Film critic John Powers reviews L.I.E., an independent film about a troubled teenage boy and the older man who steps into his life. L.I.E. stands for Long Island Expressway, where the boy's mother died in an auto crash.
Moody's work has been compared to Cheever and Updike. His latest novel is "Purple America" (Little, Brown & Co.). His previous novel "The Ice Storm" has been made into a film which just won the best screenplay adaption award at the Cannes Film Festival.
Journalist and mystery writer Jon Katz. Katz is a media critic, . formerly for Rolling Stone and now for New York Magazine. First in Katz's "Death by Station Wagon" (Bantam) and now in his newly released "The Family Stalker" (Doubleday), soft boiled detective hero Kit Deleeuw cruises the streets of a fictional suburban community on crime-solving forays in his Volvo station wagon. Deleeuw lost his Wall Street job in the 80's.
Part two of a two-part interview with architect Andrés Duany (pronounced ahn-drays due-wahn-nee). Duany's specialty is taking on the American suburb. He eloquently argues that the burbs stifle the quality of everyday life, and today he gives concrete proposals on ways to make our neighborhoods livable again.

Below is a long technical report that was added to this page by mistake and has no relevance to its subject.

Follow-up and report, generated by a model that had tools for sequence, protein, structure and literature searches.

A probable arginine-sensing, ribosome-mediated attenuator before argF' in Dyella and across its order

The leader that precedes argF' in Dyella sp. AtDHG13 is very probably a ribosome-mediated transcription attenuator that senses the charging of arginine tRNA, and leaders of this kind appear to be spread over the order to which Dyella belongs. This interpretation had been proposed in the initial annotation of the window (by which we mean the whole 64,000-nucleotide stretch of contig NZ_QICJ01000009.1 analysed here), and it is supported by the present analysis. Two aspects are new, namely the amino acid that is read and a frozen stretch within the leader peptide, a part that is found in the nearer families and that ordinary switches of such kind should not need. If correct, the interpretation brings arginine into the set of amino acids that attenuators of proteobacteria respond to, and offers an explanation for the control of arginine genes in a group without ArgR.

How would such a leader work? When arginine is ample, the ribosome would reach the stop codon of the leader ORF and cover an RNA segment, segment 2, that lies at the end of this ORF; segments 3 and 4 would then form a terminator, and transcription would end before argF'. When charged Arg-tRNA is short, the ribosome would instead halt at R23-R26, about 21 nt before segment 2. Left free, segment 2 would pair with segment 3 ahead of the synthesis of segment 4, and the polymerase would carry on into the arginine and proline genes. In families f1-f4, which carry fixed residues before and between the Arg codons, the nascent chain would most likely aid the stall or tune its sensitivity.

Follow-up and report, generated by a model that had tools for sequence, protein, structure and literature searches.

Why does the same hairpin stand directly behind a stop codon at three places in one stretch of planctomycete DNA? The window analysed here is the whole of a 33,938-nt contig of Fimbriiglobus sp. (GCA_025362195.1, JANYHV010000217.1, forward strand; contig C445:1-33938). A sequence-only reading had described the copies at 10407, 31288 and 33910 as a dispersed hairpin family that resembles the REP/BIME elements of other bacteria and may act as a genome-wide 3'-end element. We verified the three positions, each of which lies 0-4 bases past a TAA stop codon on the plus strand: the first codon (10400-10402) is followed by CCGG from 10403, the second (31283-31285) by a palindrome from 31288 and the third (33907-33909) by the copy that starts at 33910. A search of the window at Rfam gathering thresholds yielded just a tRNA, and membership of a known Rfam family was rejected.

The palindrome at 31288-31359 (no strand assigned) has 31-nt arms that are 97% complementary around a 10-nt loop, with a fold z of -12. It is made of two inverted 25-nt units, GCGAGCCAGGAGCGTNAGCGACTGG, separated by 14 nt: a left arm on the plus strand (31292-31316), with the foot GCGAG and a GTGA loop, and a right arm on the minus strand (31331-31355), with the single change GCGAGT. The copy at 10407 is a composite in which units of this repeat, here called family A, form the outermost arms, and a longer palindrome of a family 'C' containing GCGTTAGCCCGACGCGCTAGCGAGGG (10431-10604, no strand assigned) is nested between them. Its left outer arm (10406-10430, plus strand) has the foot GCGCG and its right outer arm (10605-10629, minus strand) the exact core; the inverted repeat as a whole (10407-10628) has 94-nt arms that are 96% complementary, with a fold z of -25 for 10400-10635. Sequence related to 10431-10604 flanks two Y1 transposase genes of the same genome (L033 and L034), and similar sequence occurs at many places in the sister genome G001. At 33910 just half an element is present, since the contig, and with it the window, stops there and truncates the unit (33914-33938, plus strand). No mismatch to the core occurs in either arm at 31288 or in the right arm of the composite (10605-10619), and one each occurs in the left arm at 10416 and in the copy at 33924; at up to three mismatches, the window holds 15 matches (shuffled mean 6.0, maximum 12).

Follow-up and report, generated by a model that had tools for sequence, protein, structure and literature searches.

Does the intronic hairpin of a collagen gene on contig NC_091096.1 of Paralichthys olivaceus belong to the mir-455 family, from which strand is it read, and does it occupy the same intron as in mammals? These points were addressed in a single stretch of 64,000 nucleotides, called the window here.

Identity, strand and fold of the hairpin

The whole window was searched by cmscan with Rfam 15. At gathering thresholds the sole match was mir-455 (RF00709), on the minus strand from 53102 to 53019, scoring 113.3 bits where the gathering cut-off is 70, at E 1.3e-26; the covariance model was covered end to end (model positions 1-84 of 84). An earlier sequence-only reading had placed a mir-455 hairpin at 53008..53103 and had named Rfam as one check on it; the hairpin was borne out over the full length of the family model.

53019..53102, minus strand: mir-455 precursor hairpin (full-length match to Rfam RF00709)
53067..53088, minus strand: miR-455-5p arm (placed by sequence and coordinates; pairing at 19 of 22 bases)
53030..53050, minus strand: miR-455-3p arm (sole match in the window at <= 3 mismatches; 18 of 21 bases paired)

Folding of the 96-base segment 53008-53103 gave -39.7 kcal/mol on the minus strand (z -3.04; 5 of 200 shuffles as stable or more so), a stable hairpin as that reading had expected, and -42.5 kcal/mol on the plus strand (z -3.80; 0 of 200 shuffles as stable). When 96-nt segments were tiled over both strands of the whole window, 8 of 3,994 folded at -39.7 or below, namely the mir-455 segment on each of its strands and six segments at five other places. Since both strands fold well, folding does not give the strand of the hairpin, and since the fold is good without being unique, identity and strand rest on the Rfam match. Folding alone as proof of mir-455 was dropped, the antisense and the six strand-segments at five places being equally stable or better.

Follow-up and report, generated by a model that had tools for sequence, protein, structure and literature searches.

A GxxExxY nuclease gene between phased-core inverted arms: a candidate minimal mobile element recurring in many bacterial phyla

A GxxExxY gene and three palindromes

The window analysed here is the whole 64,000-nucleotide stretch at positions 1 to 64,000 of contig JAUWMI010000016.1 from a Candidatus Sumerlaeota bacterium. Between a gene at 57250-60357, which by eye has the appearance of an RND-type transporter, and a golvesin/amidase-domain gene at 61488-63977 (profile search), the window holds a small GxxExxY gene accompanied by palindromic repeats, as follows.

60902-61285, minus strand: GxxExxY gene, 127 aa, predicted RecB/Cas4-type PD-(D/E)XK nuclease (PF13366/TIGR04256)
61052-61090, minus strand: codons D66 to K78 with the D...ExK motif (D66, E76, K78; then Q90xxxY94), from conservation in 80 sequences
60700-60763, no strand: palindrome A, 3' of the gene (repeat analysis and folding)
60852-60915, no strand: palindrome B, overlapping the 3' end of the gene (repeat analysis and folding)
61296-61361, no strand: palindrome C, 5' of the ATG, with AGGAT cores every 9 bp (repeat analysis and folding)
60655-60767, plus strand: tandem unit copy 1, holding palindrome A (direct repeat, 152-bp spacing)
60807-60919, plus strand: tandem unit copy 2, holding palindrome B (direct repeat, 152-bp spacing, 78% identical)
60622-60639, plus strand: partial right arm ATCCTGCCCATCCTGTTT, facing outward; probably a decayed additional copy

Architect Andrés Duany (pronounced ahn-drays due-wahn-nee). Duany's specialty is taking on the American suburb. He eloquently argues that the 'burbs stifle the quality of everyday life, and he has concrete proposals on ways to make our neighborhoods livable again. (The first of a two part interview--today what's wrong with the suburbs, tomorrow how to make them better).
Guest critic David Marc looks at the growing popularity of 1950s TV sitcoms. He thinks the trend reveals a troubling desire for an idealized suburban culture where whiteness and paternal authority ruled.